Chopp waives 5-day notice requirement for budget hearing
At long last the House will propose its 2011-13 budget. If you are lucky you may even have time to read it before the House Ways and Means Committee is scheduled to take executive action on it and any pending amendments on April 6. You definitely didn’t have time to read it before the public hearing on Monday (April 4) at 3:30 unless you are the most accomplished of speed readers. This should not be the case for this session’s most important bill, the budget, and proves once again the Legislature’s rules requiring 5-day notice for public hearings are insufficient to ensure that the public has an opportunity to participate in a meaningful way. According to the House’s rules:
“Rule 24 – Duties of Committees House committees shall operate as follows: (A) NOTICE OF COMMITTEE MEETING. The chief clerk shall make public the time, place and subjects to be discussed at committee meetings. All public hearings held by committees shall be scheduled at least five (5) days in advance and shall be given adequate publicity: PROVIDED, That when less than eight (8) days remain for action on a bill, the Speaker may authorize a reduction of the five-day notice period when required by the circumstances, including but not limited to the time remaining for action on the bill, the nature of the subject, and the number of prior hearings on the subject.”
This means the only way the House can hold a hearing on a bill without first providing the required 5-days notice is if the Speaker waives the rule. Unfortunately this is exactly what happened for Monday’s budget hearing.When I received notice at 4:14 p.m. on Friday that the Ways and Means Committee would be holding a public hearing at 3:30 p.m. on Monday, on a yet to be released substitute budget proposal, I asked the Chief Clerk if the Speaker waived Rule 24.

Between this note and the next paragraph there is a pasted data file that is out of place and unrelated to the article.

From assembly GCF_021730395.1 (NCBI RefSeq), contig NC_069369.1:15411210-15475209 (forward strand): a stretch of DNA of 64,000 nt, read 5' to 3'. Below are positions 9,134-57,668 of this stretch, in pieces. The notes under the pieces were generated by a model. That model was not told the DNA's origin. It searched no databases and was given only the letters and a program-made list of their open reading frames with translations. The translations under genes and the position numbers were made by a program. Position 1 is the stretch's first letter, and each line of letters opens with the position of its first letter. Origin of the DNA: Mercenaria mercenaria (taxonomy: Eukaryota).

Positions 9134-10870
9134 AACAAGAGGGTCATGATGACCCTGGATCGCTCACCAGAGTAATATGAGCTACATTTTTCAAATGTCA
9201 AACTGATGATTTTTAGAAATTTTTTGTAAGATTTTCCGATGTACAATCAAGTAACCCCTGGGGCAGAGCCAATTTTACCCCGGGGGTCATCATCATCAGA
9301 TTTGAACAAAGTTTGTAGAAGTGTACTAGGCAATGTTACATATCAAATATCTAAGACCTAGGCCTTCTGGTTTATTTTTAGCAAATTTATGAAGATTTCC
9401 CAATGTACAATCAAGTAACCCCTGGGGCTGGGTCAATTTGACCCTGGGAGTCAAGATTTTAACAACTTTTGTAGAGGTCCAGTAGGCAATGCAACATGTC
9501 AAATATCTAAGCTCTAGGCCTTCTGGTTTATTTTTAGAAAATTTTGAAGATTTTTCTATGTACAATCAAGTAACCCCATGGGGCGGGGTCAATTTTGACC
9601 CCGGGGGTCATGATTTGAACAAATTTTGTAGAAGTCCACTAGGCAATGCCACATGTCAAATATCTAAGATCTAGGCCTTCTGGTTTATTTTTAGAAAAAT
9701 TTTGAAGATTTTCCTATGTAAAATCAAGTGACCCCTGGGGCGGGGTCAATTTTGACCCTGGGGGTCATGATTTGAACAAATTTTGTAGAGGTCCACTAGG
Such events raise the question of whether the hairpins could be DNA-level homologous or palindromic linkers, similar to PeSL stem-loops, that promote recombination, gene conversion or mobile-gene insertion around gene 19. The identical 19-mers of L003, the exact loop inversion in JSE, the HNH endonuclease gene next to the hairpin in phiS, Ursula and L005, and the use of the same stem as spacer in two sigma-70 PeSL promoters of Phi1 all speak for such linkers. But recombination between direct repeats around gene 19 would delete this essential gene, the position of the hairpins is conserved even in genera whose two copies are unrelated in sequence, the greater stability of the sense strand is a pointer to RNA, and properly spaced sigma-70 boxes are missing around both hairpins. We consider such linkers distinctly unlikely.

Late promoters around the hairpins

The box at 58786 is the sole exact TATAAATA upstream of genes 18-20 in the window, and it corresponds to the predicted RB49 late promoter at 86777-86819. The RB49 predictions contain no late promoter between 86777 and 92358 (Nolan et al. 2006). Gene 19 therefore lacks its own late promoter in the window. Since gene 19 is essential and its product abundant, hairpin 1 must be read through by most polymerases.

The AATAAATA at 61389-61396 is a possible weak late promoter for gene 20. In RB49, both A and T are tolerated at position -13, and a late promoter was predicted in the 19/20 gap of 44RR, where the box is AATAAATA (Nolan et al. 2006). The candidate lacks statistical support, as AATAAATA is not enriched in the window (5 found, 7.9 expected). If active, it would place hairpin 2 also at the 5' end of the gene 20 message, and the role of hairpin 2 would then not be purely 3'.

Here was the response:
“The Speaker has authorized the Ways and Means committee to hear the bill on 4/4/11 and possibly hold executive session on 4/6/11. Copies of the amendment will be made available as soon as possible, probably early Monday afternoon.”
I suppose I shouldn’t be surprised that the budget wouldn’t be available for public review for an extended period of time based on the comments made by the House’s top budget writer at a lunch event on Thursday. Here is how the Association of Washington Business (AWB) described those comments:
“Regarding when the House will unveil its budget, Hunter said it probably will not occur on a Friday because that would give potential critics a whole weekend to pick it apart. It will probably be released on a Monday or Tuesday and acted on the same week,” he said.
At that same AWB event both House and Senate budget Chairs defended the use of “title only” bills:
Regarding the practice of using title-only bills — something that critics have called out as lacking in transparency — Murray said that staff members told him it must be done in order make sure lawmakers don’t get stuck at the end of the session without the ability to pass a budget. He added that it didn’t seem to be an issue when Republicans did the same thing, and he said that if any of the title-only bills that he sponsored actually move forward, they will receive a public hearing.
We can only hope the public hearings on those “title only” bills doesn’t follow the same model as Monday’s budget hearing and that the public instead is actually provided with meaningful details to review long before the hearing starts.
Jason Mercier is the director of the Center for Government Reform at the Washington Policy Center. He serves on the Executive Committee of the American Legislative Exchange Council’s Tax and Fiscal Policy Task Force and is the private sector chairman of ALEC’s Fiscal Federalism Working Group. He is a contributing editor of the Heartland Institute’s Budget & Tax News, serves on the board of the Washington Coalition for Open Government, and was an advisor to the 2002 Washington State Tax Structure Committee. In June 2010, Governor Gregoire appointed Jason as WPC’s representative on her Fiscal Responsibility and Reform Panel. Jason holds a Bachelor’s degree in Political Science from Washington State University.